Since 2014 the Federal Government has made numerous policy decisions that benefited sectional interests such as commercial free-to-air broadcasters, the US studios and local service businesses, while neglecting screen producers.

That’s according to the Screen Production Industry Policy Ledger released this week by Screen Producers Australia.

The document contrasts the licence fee relief to the commercial networks, which boosted their share prices, with the broadcasters reducing their spending on local drama and documentaries by 20 per cent over the past four years.

Successive cuts in government funding to the ABC, SBS and Screen Australia have robbed the industry of $400 million, it says, while regulatory oversight and auditing on local content obligation were withdrawn. 

“This ledger sets out in stark relief the series of policy decisions made over the last three years that have negatively, or asymmetrically, affected the industry and in particular, the small businesses that drive it,” said SPA CEO Matt Deaner.

Deaner welcomed the government funding of nearly $70 million for the Hollywood films Thor: Ragnarok, Alien: Covenant and the currently shooting Aquaman as a boost to the services sector and crew.

But he said this approach has not been “certain or consistent or taken into account the entire production ecosystem and its ongoing sustainability.”

In the document SPA renews its attack on the increasing substitution of New Zealand content for Australian content by the broadcasters, estimating that costs local producers $2.5 million a year.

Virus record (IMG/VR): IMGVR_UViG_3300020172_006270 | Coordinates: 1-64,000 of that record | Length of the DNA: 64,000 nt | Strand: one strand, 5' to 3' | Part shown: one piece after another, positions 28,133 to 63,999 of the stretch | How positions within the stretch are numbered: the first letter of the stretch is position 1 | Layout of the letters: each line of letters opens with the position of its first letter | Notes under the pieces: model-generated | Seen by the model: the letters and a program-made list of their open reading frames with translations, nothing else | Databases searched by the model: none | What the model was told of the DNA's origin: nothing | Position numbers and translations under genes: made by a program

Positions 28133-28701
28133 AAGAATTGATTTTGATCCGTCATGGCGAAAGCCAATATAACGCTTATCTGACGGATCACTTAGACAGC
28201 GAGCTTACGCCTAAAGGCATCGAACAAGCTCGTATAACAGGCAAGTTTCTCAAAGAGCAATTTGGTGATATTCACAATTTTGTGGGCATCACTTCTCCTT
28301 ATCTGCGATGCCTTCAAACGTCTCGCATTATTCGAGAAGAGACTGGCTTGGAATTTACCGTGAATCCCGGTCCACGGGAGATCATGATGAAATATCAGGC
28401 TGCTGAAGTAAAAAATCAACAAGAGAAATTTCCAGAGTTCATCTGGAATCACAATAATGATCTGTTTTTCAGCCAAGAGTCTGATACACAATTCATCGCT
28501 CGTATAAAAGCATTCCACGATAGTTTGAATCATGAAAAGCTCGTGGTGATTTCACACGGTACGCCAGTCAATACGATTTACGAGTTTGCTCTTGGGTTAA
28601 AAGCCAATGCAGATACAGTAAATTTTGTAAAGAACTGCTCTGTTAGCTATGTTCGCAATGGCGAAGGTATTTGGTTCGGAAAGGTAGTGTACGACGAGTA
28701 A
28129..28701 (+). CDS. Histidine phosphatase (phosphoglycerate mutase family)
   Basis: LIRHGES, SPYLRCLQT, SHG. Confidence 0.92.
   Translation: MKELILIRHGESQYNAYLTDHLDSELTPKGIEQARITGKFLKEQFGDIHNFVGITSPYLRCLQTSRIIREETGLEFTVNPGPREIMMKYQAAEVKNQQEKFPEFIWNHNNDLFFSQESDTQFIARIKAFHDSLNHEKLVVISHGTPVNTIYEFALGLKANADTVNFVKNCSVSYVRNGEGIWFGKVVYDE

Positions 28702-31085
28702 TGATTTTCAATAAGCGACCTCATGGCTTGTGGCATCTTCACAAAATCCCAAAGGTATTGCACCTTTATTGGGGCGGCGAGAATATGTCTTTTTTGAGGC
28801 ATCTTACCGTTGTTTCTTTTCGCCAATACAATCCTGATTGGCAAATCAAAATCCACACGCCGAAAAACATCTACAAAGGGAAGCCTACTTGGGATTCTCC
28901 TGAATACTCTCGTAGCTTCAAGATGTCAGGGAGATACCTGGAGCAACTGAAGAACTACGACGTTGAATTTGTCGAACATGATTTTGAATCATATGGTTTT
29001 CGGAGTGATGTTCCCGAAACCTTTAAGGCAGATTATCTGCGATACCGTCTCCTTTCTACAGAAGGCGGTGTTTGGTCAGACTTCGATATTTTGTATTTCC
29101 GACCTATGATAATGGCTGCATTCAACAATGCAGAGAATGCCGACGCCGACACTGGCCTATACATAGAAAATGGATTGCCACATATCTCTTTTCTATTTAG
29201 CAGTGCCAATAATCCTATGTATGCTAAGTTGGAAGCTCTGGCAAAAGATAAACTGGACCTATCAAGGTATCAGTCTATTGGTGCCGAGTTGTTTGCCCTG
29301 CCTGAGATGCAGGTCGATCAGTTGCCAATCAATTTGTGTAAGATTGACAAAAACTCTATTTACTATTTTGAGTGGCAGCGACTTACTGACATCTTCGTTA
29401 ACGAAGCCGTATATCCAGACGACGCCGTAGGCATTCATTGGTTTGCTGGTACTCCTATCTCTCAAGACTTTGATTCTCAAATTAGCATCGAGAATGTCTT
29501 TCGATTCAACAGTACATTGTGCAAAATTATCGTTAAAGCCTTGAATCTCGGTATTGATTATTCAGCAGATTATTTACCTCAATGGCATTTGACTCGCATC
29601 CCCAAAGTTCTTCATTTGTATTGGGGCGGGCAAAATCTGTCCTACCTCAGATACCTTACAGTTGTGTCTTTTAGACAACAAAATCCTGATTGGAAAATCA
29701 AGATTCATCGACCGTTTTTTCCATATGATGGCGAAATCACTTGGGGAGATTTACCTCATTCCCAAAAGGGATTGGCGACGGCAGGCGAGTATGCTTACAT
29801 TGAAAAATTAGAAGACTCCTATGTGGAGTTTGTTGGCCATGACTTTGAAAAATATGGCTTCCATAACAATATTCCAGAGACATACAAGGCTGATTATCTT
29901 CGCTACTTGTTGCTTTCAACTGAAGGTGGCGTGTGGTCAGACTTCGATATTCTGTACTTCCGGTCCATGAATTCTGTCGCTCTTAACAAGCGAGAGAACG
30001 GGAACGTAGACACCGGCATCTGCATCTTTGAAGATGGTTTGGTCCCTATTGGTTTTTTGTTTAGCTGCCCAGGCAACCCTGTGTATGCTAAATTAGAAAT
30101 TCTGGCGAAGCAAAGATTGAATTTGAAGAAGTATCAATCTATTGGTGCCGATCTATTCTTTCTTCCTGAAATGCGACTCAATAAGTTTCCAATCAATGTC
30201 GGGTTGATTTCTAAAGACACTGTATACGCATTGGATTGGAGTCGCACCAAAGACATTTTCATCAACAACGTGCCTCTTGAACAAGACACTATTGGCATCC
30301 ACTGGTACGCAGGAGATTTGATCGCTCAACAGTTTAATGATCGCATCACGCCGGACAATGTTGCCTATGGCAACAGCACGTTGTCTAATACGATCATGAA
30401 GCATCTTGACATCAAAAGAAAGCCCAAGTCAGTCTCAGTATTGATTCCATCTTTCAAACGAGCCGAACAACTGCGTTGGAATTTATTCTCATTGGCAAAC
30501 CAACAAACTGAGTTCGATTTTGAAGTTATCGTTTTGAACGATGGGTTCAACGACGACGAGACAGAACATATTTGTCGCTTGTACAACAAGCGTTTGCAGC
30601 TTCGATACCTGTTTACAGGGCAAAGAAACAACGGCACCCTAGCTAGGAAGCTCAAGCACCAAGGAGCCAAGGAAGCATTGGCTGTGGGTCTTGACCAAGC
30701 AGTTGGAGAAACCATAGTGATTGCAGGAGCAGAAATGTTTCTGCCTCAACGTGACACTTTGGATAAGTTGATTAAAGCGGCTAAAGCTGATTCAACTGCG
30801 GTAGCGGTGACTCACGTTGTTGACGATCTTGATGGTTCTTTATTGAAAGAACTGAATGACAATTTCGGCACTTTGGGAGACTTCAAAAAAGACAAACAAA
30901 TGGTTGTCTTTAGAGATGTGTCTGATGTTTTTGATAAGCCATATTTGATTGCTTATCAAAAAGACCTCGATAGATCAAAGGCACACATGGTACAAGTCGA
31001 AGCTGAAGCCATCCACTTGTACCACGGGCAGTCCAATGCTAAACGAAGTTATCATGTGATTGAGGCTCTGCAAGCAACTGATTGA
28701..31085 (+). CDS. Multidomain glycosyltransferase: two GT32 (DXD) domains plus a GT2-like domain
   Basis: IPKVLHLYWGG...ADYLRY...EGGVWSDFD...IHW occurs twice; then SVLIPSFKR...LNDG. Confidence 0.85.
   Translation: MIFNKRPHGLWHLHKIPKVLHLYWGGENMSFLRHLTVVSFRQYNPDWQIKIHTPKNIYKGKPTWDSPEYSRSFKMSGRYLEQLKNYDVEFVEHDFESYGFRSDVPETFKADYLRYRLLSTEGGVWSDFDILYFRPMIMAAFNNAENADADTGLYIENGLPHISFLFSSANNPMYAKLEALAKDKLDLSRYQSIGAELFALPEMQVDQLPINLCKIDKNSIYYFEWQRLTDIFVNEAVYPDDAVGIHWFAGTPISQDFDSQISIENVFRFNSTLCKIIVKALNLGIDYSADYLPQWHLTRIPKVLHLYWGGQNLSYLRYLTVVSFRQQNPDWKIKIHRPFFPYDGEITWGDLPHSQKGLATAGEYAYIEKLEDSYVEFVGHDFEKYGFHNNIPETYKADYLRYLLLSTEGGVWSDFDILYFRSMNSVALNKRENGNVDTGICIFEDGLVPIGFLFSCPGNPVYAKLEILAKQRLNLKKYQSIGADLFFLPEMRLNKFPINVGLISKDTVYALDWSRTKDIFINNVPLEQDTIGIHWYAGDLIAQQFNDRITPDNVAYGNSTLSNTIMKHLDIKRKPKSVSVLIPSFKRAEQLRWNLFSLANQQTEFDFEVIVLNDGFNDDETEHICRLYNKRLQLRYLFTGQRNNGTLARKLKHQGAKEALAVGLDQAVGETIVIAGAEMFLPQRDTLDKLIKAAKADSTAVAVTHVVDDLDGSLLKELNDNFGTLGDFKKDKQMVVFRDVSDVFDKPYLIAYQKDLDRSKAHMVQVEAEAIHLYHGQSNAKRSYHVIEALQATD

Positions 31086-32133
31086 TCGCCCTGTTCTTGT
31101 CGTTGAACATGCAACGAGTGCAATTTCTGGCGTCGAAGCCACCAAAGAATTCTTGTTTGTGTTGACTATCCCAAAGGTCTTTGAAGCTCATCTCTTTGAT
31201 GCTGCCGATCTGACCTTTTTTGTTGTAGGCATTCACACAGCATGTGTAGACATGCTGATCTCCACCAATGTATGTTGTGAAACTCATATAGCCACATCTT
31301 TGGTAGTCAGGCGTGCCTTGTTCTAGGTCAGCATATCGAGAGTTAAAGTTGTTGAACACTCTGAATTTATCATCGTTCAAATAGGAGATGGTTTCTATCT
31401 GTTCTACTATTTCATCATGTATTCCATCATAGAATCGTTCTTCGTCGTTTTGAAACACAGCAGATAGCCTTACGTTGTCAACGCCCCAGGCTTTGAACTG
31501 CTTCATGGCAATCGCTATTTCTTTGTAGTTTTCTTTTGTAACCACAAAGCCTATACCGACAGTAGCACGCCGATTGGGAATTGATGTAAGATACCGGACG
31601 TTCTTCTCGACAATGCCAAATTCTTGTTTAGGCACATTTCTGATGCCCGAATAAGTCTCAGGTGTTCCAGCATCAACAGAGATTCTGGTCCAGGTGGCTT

Also criticised is the government’s inaction on raising the location and TV producer offsets; signing co-production treaties with Denmark, Brazil, India and China (for TV); removing the need to consult the MEAA on the hiring of foreign actors; and extending local content obligations on SVOD services such as Netflix.

It questions why the $8.8 million one-off payment to SBS in the May budget was given without any specific obligations to the Australian screen production industry.

The legislation enabling courts to order ISPs to take down piracy websites is identified as the only measure in the past three years which benefits content creators and media platforms. 

“What the ledger demonstrates is the government’s policy approach to the local production industry looks a lot like trickle-down economics. The government’s agenda to date has been regrettably incomplete and has left out the small businesses that drive the industry,” Deaner said.

Deaner called on the government to ‘rebalance’ the ledger in favour of screen producers through the Australian content review being conducted by the Department for Communications and the Arts, ACMA and Screen Australia.

“To ensure a diversity of Australian content, we need a diversity in supply that will ensure against a future dominated by vertically integrated content oligopolies in which Australian audiences will suffer from a lack of a diversity and choice in their programming options,” he concluded.

Check out the ledger here.

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